For all the hand-wringing about the evenly split U.S. Supreme Court, the justices on Monday made clear they have no intention of messing with a basic democratic tenet – that people matter whether they’re eligible to vote or not, whether they’re citizens or not.
For the time being, that is.
For decades, states have apportioned legislative districts more or less equally based on population, not voters or eligible voters. That one-person, one-vote notion is especially important in California and other states where there are large numbers of residents who are not citizens and are younger than 18.
But by an 8-0 margin, with one seat left vacant by Antonin Scalia’s death, the justices upheld the common method of using population to draw legislative and local districts. They rejected a suit brought by two rural Texas voters, who claimed their votes were diluted because Texas included noncitizens in their districts.
If the conservatives had won, democracy as it has been practiced for decades in the United States would have suffered. Voters in urban districts, the core of Democratic support, would have been spread into suburban and rural districts, leaving noncitizen immigrants with little representation, and likely helping Republicans win more legislative seats.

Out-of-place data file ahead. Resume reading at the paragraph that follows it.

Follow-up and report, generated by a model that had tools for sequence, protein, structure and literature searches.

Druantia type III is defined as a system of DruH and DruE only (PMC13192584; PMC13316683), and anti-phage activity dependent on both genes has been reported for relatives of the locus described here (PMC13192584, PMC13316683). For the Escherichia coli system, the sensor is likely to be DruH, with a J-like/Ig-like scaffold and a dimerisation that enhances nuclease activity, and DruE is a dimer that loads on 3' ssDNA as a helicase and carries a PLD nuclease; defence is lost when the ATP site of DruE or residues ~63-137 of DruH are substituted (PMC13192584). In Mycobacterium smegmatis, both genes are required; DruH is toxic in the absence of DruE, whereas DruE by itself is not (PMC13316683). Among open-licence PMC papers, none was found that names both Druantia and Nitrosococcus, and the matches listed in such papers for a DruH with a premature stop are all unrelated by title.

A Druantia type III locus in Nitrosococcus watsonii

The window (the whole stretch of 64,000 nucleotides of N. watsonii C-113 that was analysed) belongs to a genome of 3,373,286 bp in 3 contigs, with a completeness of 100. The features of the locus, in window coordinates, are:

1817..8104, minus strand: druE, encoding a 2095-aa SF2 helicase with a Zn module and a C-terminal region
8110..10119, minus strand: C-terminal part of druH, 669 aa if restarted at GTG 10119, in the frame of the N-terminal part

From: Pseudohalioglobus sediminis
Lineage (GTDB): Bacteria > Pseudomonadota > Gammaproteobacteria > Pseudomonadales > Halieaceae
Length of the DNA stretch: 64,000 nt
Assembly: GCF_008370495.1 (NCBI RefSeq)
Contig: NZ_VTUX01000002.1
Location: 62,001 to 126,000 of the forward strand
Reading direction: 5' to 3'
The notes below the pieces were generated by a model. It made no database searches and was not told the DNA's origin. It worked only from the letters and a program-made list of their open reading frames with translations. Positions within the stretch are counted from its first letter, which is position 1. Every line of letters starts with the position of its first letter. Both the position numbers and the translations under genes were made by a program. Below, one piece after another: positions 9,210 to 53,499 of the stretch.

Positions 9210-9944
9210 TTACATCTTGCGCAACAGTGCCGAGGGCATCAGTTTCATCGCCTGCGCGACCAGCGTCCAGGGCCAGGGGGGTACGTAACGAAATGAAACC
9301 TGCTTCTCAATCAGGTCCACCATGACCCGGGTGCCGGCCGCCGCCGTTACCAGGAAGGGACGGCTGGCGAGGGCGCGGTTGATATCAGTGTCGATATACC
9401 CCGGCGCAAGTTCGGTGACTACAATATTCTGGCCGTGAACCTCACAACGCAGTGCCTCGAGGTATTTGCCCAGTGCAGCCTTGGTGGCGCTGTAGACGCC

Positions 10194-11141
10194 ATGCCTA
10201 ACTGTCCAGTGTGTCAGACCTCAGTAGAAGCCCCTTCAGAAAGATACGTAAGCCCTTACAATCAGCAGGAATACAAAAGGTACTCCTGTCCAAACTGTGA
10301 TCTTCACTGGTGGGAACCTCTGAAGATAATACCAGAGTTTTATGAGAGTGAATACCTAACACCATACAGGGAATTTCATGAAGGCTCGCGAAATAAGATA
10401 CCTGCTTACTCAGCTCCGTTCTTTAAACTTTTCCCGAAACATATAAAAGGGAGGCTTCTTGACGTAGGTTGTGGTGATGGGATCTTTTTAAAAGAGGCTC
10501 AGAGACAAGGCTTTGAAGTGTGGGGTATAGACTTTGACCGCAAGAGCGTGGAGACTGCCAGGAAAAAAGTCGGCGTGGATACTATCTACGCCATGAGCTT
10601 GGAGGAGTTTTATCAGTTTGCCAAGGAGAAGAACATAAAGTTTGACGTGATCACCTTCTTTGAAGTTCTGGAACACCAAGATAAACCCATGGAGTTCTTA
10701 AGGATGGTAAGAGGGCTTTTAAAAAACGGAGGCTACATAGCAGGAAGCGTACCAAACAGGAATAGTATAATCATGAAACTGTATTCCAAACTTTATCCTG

Changing the system also poses practical concerns, among them that the U.S. Census, on which reapportionment is based, does not count voting-age citizens.
“Nor is it possible to accurately obtain a count of voting age citizens by inquiring about citizenship status as part of the Census count,” former Census directors said in a friend of the court brief.
The case would not have applied to congressional districts, at least not directly. In most states, however, legislatures draw congressional district boundary lines. So long as Republicans control legislatures in most states as they currently do, Republicans likely will retain their majorities in Congress.
The decision in Evenwel v. Abbott, authored by Justice Ruth Bader Ginsburg, was narrow. The justices put off the more basic question of whether states have the power to “draw districts to equalize voter-eligible population rather than total population.”
One justice, Clarence Thomas, wrote in a concurring opinion that nothing bars states from apportioning districts based on voters, instead of population. Were Scalia alive, the five Republican-appointed justices might have formed a majority to rule in Texas’ favor.
That is yet another reason why Scalia’s replacement matters – whether it’s President Barack Obama’s selection, Merrick Garland, or the next president’s nominee – and why the 2016 election is pivotal.